There are two main areas of auto insurance. Liability insurance—which includes personal and property damage, plus medical payments—covers you regardless of what car you’re driving. Collision and comprehensive coverage are vehicle-specific, and usually cover a car or truck regardless of who is driving it (as long as the driver has permission to be behind the wheel). Because of this, the price of collision and comprehensive insurance can vary greatly based on your vehicle type as well as other factors.
Safety Ratings and Equipment
One important factor insurance companies use in determining policy pricing is the relative safety of the vehicles being insured. They use various sources to figure this out. For example, the Insurance Institute for Highway Safety (IIHS) is an industry research group that rates vehicles based on safety features as well as actual performance in collisions. The National Highway Traffic Safety Administration, a bureau of the U.S. Department of Transportation, also tracks and publishes information about vehicle safety. Insurance companies consider data from these and other sources to rate the safety of each car for which they write a policy.
Besides overall “crashworthiness,” insurance companies also consider any special equipment your vehicle has that makes it more safe. This is one reason you’re asked about your car or truck’s year, make, model, and “trim level” when you get a quote for insurance. Trim level (or “trim package”) is essentially the specific configuration of standard and optional features for your vehicle type.
As an example, the 2016 Nissan Maxima comes in five different trim levels. All of them have anti-lock brakes and standard airbags. The S and SV trims don’t include any additional safety features, while the SL, SR and Platinum packages include Predictive Forward Collision Warning, Forward Emergency Braking, Rear Cross Traffic Alert and Blind Spot Warning. The extra safety equipment on the top three trims would most likely result in slightly lower premiums than the lower (and less expensive) trims.
Trim level is coded into the vehicle identification number (VIN) of the car, which is why your insurance agent will need to get the VIN for each vehicle on your policy. Some of the equipment that they’ll want to know about includes:
- Seat belts by location and type, as well as child car seat anchors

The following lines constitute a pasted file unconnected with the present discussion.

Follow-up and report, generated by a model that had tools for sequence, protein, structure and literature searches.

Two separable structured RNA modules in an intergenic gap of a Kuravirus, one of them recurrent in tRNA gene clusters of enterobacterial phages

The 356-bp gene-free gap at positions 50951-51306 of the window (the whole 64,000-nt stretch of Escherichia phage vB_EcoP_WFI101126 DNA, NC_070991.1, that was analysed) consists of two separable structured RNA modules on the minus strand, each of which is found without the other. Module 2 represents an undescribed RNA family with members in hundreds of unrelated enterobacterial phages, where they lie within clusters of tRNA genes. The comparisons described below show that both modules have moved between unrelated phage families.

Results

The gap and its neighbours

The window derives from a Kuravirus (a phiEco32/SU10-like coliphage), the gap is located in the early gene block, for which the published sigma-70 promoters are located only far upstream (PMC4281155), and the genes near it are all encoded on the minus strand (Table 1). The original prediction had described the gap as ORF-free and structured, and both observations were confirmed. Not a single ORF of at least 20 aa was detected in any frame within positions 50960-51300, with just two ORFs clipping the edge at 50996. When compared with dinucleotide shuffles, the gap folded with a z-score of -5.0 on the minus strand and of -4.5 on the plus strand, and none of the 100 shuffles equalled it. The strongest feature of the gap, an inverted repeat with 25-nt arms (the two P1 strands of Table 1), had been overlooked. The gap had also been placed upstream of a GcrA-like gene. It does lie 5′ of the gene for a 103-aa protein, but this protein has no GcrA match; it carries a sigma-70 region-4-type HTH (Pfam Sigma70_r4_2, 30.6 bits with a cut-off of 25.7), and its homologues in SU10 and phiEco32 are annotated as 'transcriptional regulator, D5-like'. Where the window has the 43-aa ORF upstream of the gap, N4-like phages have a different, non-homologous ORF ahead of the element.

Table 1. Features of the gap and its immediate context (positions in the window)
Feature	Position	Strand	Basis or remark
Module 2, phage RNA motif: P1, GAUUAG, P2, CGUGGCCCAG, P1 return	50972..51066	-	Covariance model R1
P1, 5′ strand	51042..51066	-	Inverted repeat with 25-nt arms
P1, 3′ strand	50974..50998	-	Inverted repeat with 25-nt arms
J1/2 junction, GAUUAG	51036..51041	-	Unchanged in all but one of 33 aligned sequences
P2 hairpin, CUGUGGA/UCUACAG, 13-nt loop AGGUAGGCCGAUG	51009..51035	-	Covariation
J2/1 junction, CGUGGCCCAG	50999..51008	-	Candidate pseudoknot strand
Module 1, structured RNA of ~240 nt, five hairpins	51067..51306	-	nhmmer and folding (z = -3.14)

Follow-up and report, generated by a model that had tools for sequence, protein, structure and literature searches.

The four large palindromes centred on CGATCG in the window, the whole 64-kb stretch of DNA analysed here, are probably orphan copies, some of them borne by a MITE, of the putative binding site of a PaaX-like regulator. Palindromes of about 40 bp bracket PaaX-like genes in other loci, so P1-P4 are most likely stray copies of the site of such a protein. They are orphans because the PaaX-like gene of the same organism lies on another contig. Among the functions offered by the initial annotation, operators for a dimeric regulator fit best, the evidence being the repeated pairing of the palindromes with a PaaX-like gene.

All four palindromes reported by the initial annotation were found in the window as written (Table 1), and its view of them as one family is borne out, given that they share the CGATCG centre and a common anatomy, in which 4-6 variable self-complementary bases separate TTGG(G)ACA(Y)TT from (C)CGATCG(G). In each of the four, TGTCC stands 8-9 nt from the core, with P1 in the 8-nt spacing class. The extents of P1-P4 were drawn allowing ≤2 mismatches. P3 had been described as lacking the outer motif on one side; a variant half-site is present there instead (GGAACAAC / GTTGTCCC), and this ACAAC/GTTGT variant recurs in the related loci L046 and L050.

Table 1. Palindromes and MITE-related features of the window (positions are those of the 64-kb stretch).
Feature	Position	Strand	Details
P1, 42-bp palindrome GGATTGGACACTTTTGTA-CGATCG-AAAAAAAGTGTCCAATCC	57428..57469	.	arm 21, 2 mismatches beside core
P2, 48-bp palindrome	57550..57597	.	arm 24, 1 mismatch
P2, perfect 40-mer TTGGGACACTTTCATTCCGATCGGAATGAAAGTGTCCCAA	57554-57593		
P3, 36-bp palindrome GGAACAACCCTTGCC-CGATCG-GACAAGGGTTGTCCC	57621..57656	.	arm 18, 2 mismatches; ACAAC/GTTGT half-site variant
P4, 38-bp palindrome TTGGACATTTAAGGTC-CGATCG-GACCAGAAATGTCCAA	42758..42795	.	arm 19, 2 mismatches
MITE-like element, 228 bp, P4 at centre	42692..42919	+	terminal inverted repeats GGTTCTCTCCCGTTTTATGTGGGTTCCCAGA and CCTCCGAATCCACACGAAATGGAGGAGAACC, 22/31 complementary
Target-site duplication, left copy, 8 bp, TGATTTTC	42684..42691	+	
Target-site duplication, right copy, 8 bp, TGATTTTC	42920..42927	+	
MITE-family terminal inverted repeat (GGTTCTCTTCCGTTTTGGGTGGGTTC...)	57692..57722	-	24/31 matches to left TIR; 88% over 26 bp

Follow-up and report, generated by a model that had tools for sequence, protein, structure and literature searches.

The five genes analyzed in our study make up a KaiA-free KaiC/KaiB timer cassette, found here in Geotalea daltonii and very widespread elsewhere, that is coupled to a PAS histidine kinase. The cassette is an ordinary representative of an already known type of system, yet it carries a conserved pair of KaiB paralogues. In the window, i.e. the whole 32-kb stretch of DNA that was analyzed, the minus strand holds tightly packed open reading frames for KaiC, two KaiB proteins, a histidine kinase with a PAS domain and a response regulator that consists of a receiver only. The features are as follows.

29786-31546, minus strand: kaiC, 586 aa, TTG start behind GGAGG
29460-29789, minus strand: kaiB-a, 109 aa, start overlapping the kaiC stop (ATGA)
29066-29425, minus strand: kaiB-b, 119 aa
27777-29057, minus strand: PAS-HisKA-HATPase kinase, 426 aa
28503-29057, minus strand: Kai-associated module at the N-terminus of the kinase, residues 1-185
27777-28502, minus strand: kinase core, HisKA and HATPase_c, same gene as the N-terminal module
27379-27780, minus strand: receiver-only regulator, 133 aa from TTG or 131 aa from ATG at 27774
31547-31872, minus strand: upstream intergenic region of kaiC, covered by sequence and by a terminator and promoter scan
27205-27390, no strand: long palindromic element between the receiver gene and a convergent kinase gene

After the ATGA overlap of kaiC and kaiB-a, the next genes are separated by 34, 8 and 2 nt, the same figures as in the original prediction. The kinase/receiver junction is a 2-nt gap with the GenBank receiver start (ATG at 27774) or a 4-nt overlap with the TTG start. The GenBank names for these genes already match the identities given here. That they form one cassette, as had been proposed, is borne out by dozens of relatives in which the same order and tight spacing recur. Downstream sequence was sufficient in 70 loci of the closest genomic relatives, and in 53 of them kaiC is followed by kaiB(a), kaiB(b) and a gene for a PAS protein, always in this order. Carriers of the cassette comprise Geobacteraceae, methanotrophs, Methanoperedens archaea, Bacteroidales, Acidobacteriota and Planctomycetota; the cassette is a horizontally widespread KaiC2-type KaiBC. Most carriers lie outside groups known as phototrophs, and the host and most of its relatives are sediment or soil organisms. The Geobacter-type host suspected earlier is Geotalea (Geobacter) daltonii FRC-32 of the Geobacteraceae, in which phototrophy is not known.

- Airbags for driver and passenger, plus curtain and knee airbags to help prevent additional injuries
- Anti-lock braking systems (ABS), which help keep a vehicle from skidding out of control
- Daytime running lights, which increase your visibility to other drivers
- Tire pressure monitor systems, to help you maintain correct tire pressure
- Rear backup cameras, which provide a video view behind you when your car is in reverse
- Parking sensors, which produce an audible warning when the vehicle is in danger of hitting an obstacle
- Theft-deterrent systems, such as alarms and recovery devices like LoJack
- Adaptive headlights, which pivot to light up curves in the road
Cost to Replace
In addition to safety, your insurance company needs to know the value of your vehicle and the relative cost to repair it.
It’s easy to understand why pinning down your vehicle’s value is so important. If your car is totaled in an accident, the insurance company needs to know how much it will cost to replace it. Your insurer may get its numbers from Kelley Blue Book, from the values published by the National Association of Automobile Dealers, or from some other source. You can generally assume that the more expensive a car is to buy, the more expensive it will be to insure.
Also, it’s important to note that some insurance companies offer “actual cash value” coverage, while others offer “replacement cost.” The difference is the adjustment for depreciation, which is the loss of value caused by the daily use of your vehicle. If you get in an accident and have to replace your vehicle, you’ll probably prefer getting a “replacement cost” check over the alternative.
Cost to Repair
Your auto insurance company will also consider how expensive your vehicle type will be to repair. Some makes and models require more expensive parts or repair technicians who need special training. Because of this, repair shops charge higher shop rates on some vehicles than on others. The cost could also vary based on the availability of parts and components, on whether your vehicle has a performance engine, or based on special features such as a turbocharger.
According to Automotive.com, the most expensive new vehicles to repair include the Dodge Viper, with an MSRP of $86,995 to $107,995 and a five-year repair cost of $2,084, the Porsche Cayenne, with an MSRP of $61,700 to $113,600 and a five-year repair cost of $2,072, and the Audi S3, with an MSRP of $41,100 to $47,000 and a five-year repair cost of $1,989.
Gone in 60 Seconds?
A final element factored into your auto insurance premium is the likelihood of your vehicle being stolen. Part of this relates to where you live , as some neighborhoods have more car thefts than others. Insurance companies also pay attention to which vehicles are stolen most often. If you drive a vehicle type that’s in high demand with chop shops, you may see a slight increase in the cost of insurance coverage.
According to the National Insurance Crime Bureau, the top ten most stolen vehicles from the most recent year are:
|Jeep Cherokee/Grand Cherokee||9,272|
Shopping for Cars and Insurance
Does it make sense to pay attention to the relative cost of auto insurance when it’s time to shop for your next vehicle? Why not? If you have several makes and models that you’re looking at, you might consider talking to your independent insurance agent to find out whether one car or truck might cost more to insure in the long run. All other things being equal, the cost to insure your vehicle type could turn out to be the deciding factor in picking your next ride.